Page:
Cabbage without Baggage

The time has come,” the Walrus said,
“To talk of many things:
Of shoes–and ships–and sealing-wax–
Of cabbages–and kings—

The handsome blue/purple cabbages that we grew on the Free Farm were really the Carnival stars of the Free Farm Stand. Besides being a total miracle, everyone that saw them immediately sensed that something special was going on, and that somehow this impressed on folks that we were really farmers after all. I am utterly speechless as to how we grew such perfect things and I am looking forward to learn how they taste.  The fava beans too played a major role on the Free Farm Stand table/stage. I had picked about fifty pounds  of them (it took me hours) and a man came by with 10 more pounds of favas that he grew in his backyard (he said he had eaten about 20 pounds already).  We also had 58lbs of oranges from Stanford Glean and collards and lettuce from the farm. Cristina also brought by some onions and other things from some garden (the Secret Garden?). I brought some Meyer lemons from our backyard tree. At some point in the day Danny from Sour Flour showed up with about 18 loaves of warm whole wheat sour dough bread that he just baked to give out at the stand. What a beautiful treat! It was sort of crazy with all the Acme bread we had, but this bread was not only whole grain, fresh from the oven, and baked on 24th Street with love (how can you get more  local?). Plus the more Danny comes around people can find out that he teaches people how to bake their own bread and that is what we like the most…when the oil runs out, we will be growing our own grains and baking our own bread in cob solar ovens and breaking bread at the communal table.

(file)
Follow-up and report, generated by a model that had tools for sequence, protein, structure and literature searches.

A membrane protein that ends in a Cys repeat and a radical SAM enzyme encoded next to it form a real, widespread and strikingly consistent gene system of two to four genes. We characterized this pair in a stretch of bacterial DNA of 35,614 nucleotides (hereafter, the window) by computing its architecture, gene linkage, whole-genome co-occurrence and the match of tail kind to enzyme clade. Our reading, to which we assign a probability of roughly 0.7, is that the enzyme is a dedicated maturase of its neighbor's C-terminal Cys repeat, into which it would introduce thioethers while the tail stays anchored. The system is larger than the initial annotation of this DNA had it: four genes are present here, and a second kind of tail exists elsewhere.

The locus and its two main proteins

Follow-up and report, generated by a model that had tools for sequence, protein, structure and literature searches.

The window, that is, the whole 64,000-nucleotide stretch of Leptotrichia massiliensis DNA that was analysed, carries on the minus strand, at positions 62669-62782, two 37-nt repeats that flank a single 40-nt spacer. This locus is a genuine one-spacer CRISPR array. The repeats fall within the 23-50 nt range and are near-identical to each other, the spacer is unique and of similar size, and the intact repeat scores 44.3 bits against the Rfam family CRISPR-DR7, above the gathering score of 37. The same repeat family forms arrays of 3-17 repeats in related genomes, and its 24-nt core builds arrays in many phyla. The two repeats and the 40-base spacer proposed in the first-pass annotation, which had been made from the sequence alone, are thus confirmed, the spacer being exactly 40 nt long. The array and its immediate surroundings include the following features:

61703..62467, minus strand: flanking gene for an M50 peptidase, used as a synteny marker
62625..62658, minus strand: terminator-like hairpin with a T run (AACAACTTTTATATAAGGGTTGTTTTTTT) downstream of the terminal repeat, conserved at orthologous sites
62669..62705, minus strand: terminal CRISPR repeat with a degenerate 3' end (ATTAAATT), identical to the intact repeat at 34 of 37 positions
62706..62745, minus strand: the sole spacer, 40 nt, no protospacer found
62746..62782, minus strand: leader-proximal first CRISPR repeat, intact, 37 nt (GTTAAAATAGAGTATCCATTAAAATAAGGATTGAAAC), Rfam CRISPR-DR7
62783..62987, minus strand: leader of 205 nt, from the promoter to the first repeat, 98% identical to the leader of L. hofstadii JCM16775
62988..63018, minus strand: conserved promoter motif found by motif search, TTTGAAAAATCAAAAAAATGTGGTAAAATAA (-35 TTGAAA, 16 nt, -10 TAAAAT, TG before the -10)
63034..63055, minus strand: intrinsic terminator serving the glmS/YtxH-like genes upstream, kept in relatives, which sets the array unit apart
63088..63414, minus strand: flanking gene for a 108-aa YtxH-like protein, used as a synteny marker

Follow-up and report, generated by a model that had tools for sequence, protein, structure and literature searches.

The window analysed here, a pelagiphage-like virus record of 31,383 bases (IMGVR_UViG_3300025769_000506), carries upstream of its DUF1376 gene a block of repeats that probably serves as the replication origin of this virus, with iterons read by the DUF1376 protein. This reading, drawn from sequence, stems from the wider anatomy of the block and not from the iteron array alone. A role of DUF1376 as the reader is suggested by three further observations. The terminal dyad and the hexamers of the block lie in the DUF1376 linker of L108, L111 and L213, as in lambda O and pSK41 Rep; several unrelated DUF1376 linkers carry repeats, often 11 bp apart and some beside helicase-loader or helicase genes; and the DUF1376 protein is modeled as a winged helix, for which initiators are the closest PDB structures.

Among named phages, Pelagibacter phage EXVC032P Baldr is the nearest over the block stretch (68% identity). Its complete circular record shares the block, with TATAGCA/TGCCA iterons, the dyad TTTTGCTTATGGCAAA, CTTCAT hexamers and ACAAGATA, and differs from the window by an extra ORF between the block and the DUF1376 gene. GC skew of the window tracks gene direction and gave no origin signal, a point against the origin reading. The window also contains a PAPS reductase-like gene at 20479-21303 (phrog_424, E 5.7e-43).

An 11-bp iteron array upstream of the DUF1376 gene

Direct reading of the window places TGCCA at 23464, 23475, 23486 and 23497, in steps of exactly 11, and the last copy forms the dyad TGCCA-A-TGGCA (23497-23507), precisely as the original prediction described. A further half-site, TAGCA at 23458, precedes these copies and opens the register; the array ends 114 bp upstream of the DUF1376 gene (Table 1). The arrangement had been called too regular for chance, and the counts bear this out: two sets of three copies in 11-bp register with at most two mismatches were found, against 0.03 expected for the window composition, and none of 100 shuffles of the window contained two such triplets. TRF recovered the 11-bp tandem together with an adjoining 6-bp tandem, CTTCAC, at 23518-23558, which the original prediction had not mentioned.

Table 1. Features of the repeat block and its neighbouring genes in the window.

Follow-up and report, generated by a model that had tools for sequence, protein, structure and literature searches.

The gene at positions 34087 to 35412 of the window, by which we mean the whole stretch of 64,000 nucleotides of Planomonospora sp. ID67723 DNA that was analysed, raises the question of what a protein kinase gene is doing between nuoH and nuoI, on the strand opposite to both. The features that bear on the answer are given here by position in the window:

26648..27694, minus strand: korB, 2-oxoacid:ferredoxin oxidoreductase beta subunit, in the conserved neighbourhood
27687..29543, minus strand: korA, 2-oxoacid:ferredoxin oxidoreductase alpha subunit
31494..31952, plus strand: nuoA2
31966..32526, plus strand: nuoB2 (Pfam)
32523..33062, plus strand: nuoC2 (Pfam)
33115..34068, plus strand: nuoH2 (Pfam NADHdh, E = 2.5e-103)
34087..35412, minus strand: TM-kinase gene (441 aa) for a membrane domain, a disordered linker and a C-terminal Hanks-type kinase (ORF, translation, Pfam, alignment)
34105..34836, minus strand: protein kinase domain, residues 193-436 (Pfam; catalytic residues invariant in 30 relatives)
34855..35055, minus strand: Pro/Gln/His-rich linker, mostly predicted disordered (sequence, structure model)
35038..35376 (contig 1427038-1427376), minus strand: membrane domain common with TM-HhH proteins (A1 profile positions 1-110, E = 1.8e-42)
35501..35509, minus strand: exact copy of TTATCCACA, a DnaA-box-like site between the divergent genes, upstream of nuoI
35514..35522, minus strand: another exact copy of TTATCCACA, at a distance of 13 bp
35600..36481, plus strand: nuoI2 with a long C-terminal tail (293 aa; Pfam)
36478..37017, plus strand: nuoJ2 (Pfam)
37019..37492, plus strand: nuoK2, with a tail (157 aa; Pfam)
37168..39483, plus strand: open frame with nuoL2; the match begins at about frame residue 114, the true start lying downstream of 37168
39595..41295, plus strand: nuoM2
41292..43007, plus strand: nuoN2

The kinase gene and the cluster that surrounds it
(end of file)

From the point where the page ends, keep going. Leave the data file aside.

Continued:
We also had one of the most full plant  tables of all times. I have so many seedlings right now to give away and if anyone needs some starts they can contact me or come to the Free Farm on our workdays.

Here is the part I talk not about kings nor queens (though some may be) but saints in our midst. As I reported I had been contacted about the Stonestown Mall Farmer’s Market needing someone to pick up the leftover produce on Sundays. It turns out Angie knew another nurse at Tom Waddell public health clinic that lived near there and was already picking up the unsold food from Trader Joes on Sundays and offered to pick up the left over produce for us. She has been making treats for the patients in the women’s clinic she works in which everyone really appreciates. She’ll go through cases of challenged strawberries and make fruit cups with yogurt or make crouton snacks with the stale bread. She does this on her own time on top of her regular job.

So this week she made the first trip there and picked up a truck full of mostly local organic produce. She gave us some of her excess Trader Joe produce that included bananas that were neither local nor organic, but were very popular and more bread. She showed up around 2pm or so after we had run pretty low. Maybe it was because of Carnival that we had a steady stream of people coming throughout the day and we really had no produce left around 3pm. I have to confess that as much as I want to support growing our own produce I am still obsessed with giving away beautiful  organic produce from our local farmers at the end of their market day. When she showed up she told me they said “where have you been we have been waiting for someone to pick up our surplus”.